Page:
No flags were flown in London for the victory 1 of the Marne. A battle on so vast a scale has not the touch of the human personal element which appeals to youth. But thousands of citizens thronged the bridges, to cheer the plucky little Wandte on its triumphal pro' gress up the river. Nelson, not Wellington, is « the national hero. Was not Nelson the ideal hero for a nation of boys? His empty sleeve, j his telescope to his blind eye his signal to the ! Fleet at Trafalgar, his glorious death in the hour of victory!

The Englishman’s weakness is his lack of foresight: his strength lies in his invincible j optimism. Both defect and virtue are due to I his boyish character. If a boy fights, will he fight solemnly with a great sense of responsibility, or will he fight joyously, gaily, as ¡ if fighting were a jest? We know the answer.

I Let us wonder then at the humor of the trenches, at the soldier’s apparent lightness f of heart, at his grim jokes in the very beard of Goodman Death.

Sir Thomas More was a great Englishman,

, but we have all read of his jokes on the scaffold. “Scandalous levity,” is the cry of the j unthinking. Be sure it was not so. More was ! typical of his nation. An Englishman finds ; it difficult to put into words the deeper thoughts of man. They become banal and pompous in the expression. So he fell back ; on his panoply of boyhood, that God-given boon bestowed on nearly every Englishman, and met his death with a jest on his lips.

All “human boys" are collectors. That great boy. John Bull, has colleced colonies. It is his hobby, and circumstances beyond his control are always adding to his collection. The love of exploration and the search for hidden treasure is inherent in the young. The Englishman. fortune natus, retains the taste to an age when he has the means to indulge in his propensity.

“Never was isle so little, never was sea so


But over the sand and the palm tree the

English flag was flown,” says Kipling. And again in the same poem: — “The lean white bear hath seen it in the long,

long Arctic night.

The musk ox knows the standard that flouts

the Northern light.”

The ubiquity of the Britain is one of his chief offences to a certain class of foreigner. Throughout the German novel, “His English Wife.” we detect an undercurrent of bitterness due to this cause. The German feels himself a provincial in the presence of a nation of globe-trotters. As a man grows old, he develops a cat-like affection for the locality in which he has resided for some years. If he can be induced to leave at all, it will be to remove to some other district where the same conditions prevail, and where he may expect to be equally comfortable. He will not give up a settled for an unsettled habitation. A boy has no such prejudices. He prefers a tent in the garden to the most luxurious of sittingrooms. He is ready at any moment to abandon the known and the secure in favor of adventure. The prospect of roughing it has no terrors for him. The emigrant from Germany and the emigrant from Great Britain exhibit the same differences of temperament. The German cannot be induced to seek his fortune in the immature German colonies; he will rather go to the United States, to the United Kingdom, or to some well-established British Colony. He will hunt for quarters of the world where the conventions of his home life do not apply. The English soldier whose prayer was ‘to be put somewhere’* east of Suez, where there ain’t no Ten Commandments,” was not really desirous of breaking the rules of the Decalogue. His sentiment was the same as that of the small boy who, to escape the constant “don’ts” of his elders, flees him to some deserted waste ground where he is monarch of all he surveys. Many things have gone to the foundation of the British Empire. The blood of innumerable sailors and soldiers, the wise forethought and sage diplomacy of statesmen, the energy of traders in search of new markets, the enterprise and vigour of youth. But the spirit of youth, above all.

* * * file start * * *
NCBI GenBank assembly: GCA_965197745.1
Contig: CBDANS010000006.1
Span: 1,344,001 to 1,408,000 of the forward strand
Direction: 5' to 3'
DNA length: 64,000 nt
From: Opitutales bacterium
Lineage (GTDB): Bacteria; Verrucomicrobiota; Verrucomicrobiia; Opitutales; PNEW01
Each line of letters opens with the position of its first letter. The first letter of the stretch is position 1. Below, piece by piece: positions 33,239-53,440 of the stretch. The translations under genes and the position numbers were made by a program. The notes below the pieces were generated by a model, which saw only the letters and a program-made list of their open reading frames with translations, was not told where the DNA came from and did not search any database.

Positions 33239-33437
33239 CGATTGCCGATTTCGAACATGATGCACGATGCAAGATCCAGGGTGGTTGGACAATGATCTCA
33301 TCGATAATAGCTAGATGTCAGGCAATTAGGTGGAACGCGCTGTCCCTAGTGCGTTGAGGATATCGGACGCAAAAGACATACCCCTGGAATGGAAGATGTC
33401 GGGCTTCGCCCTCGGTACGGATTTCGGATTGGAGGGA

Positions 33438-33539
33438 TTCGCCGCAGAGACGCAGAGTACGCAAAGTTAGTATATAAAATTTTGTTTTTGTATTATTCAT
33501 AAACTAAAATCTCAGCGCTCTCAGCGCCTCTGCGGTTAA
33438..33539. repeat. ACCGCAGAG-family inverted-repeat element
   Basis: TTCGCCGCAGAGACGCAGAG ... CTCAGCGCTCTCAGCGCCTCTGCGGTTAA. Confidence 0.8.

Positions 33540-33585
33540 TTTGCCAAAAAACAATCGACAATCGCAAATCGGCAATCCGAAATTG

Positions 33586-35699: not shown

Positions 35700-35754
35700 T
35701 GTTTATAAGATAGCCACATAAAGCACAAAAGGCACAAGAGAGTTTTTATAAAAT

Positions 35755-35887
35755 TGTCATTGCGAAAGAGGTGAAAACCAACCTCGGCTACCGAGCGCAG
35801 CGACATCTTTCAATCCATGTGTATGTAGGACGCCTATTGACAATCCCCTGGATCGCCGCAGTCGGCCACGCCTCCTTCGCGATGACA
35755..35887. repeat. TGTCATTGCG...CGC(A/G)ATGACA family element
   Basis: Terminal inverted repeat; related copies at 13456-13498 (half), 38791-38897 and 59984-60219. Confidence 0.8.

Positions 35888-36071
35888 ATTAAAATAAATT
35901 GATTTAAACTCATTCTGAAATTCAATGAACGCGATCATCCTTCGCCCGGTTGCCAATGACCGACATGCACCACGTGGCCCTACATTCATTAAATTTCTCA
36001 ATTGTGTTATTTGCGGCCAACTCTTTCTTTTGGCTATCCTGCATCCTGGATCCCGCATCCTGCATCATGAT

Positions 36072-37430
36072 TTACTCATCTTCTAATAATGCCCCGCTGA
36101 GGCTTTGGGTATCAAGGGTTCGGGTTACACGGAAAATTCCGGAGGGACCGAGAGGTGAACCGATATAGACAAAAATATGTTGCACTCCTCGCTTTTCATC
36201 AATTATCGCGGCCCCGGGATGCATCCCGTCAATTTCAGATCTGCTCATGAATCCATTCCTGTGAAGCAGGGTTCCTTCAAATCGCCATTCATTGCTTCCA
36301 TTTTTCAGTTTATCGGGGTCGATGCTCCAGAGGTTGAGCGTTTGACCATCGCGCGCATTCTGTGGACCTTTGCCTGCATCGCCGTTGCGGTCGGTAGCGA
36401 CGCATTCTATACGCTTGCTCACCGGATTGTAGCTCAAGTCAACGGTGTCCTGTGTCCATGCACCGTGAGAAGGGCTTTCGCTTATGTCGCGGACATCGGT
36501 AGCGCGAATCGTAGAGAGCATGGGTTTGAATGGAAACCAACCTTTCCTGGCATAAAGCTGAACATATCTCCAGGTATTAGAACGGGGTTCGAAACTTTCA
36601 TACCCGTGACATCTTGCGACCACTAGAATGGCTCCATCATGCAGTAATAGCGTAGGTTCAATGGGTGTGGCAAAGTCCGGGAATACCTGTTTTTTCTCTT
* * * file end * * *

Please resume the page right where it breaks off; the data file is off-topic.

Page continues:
The Englishman in love exhibits all the characteristics of the hobbledehoy. Just as the Scotchman, according to popular belief, “jokes wi’ deeficulty,’ so the Englishman is

not glib in his love-making. The yokel .lovers walk solemnly along the country lanes, arms around waists, with never a word between them. Lovers of a different class are depicted in Du Maurier’s dialogue between the young couple on the seat in the park. “Darling!” “Yes, darling?” “Nothing, darling; only darling, darling.” The recipe for a successful farce in this country is not a drama of intrigue, every man neighing after his neighbor’s wife, but a play like “Charley’s Aunt,” based on the practical joke of an undergraduate. ~ We may push the argument too far if we claim that English humor is that of the schoolroom—it is too rich and varied for that—but some forms of it, and those the most peculiar and characteristic, have the freshnes and originality of youth. The humor of Lewis Carroll and W. S. Gilbert is so racy of the soil that special words, “Carrollian, Gilbertian,” must needs be coined to describe it. “I played cricket oiice only,” observed Lewis Carroll in the Senior Common Room at Christ Church, “I bowled. The impire said “that if the ball had gone for enough, it would -have been a wide.” Most Englishmen appreciated the savor of that remark, but I doubt whether it would bear translation. Would “vice-versa” have gained its enormous success had it been first published in any other country but this?